In recent years neon accessories and clothing have been a huge hit in the clothing industry, receiving endorsements from fashion magazines such as Vogue, Seventeen, and Cosmo. However another realm, neon, is now beginning to influence is athletics. Neon is generating an enormous impact in athletic culture shown by its sponsorship by Nike in the Summer Olympics this summer and even its emergence in Archer Athletics.
Major sports corporations, such as Adidas and Nike, are replacing their traditional black, white, navy, and gray products for those in shades of highlighter and electric pinks, greens, yellows, and blues. In the London Summer Olympics this year over 400 athletes m
ade a bold statement by sporting Nike’s “Volt” footwear in neon green on both the track and the field.
Nike, the official sponsor of the games, also provided pairs of brightly-colored shoes to American athletes who placed, as a part of the Nike’s US medal stand footwear and apparel collection. These fluorescent shoes were sported by athletes such as Missy Franklin (Four-Time Gold Winner Swimmer) and Gabby Douglas (Gymnastics All-Around Champion) multiple times on the medal podium.
As for Archer, it’s hard to miss the flash of fluorescent yellow in the hallway from our fitness coaches and peers wearing the T-shirts from last year’s track season. Last year was the first year in which Archer used a neon-colored shirt as the official team shirt, and the shirts have garnered mostly positive reviews.
Geffen Treiman, a member of both the track and soccer teams, believes that “neon is really great because it is intimidating and it shows that you are confident. It is original and distinguishes you.” Similarly, tri-sport athlete Nahal Shakib explains, “when participating in track, neon makes you look like you are running a lot faster, so our team really likes to wear it a lot. It’s bright and makes you stand out of the crowd.”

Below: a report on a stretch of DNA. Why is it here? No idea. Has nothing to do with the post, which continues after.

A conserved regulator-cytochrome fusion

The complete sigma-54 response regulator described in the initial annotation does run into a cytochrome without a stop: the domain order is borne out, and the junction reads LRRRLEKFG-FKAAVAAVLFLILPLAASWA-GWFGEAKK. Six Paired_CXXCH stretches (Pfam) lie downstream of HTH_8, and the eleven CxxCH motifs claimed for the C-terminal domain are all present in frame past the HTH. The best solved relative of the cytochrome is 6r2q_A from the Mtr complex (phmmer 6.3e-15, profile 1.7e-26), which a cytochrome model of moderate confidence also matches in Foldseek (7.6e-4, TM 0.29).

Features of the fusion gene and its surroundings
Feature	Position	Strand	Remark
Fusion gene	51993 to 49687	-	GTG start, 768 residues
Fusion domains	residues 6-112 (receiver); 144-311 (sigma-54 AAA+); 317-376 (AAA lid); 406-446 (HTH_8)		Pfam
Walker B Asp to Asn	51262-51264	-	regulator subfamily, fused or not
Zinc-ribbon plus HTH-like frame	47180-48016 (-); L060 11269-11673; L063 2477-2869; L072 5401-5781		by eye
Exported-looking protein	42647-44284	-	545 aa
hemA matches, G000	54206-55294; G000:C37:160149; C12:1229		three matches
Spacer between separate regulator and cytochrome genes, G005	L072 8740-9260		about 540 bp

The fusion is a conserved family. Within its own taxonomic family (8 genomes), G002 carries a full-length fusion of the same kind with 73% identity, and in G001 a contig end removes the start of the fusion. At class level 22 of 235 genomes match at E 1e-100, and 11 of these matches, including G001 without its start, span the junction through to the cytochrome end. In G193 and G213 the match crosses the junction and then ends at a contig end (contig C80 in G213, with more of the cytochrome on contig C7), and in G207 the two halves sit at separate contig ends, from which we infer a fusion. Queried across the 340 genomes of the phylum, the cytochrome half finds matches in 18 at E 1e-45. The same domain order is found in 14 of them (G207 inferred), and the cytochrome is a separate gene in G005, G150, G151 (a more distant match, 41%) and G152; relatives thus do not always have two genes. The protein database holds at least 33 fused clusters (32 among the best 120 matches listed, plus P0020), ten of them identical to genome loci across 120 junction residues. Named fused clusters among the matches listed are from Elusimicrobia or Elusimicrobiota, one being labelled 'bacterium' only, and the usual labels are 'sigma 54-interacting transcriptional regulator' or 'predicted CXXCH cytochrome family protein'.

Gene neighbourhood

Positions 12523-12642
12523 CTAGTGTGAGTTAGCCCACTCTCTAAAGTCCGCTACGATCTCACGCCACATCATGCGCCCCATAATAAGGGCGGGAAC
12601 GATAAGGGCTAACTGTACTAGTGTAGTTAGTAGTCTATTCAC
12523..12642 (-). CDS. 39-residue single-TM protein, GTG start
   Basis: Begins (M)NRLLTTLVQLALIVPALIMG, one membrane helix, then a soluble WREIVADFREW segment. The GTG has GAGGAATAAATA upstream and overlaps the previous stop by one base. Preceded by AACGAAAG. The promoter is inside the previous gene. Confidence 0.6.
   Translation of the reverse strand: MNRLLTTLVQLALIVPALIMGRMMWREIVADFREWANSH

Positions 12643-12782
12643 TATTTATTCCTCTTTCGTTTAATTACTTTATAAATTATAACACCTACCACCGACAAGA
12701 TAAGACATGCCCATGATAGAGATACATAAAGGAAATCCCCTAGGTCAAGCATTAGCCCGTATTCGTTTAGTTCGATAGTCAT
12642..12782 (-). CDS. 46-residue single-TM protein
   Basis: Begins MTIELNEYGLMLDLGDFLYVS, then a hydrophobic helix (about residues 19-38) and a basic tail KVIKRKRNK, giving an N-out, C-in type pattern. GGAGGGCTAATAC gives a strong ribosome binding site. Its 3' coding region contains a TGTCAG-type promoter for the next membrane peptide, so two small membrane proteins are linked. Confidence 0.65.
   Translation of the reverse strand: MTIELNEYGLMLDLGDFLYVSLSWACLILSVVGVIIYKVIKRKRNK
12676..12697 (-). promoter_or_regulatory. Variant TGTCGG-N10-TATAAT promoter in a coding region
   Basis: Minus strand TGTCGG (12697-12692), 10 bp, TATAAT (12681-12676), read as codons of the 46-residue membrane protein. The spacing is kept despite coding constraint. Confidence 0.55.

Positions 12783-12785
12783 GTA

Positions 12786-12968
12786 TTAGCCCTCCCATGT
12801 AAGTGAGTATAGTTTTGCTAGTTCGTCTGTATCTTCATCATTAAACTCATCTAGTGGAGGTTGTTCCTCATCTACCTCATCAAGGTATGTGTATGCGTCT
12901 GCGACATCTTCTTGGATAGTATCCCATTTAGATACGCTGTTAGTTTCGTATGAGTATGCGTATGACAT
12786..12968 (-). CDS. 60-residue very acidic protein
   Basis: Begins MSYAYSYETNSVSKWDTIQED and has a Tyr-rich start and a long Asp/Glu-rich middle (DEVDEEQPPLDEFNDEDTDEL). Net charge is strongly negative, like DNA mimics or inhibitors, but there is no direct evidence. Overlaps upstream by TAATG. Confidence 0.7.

Nahal is correct when she states neon colors make individuals “stand out of the crowd”. Neon, highlighter, and fluorescent colors have been scientifically proven to draw our attention. Martin Lotti, Nike’s Global Creative Director for the Summer Olympics, mentions that the fluorescent yellow that was worn by Olympians throughout the games “is the most visible color to the human eye,” making the color pop or stand out in contrast to other athletes and their environment.
Ms. Sonderleiter, Archer’s Chemistry and Honors Research and Science teacher confirms the human’s eye attraction to neon. She explains objects that are neon contain pigments that are efficient in absorbing high frequency light and emitting lower frequency light, thus giving the object a luminous or fluorescent hue.
Maybe that’s why senior Sheila Alexander says, “The neon track shirts are extremely bright and they blind you. When I see someone walking down the hallway wearing the neon track shirt I say, ‘Ah I can’t see!’”
With neon’s high marketable and commercial demand, don’t be surprised if you see more neon in the hallway as it catches on to more Archer sports.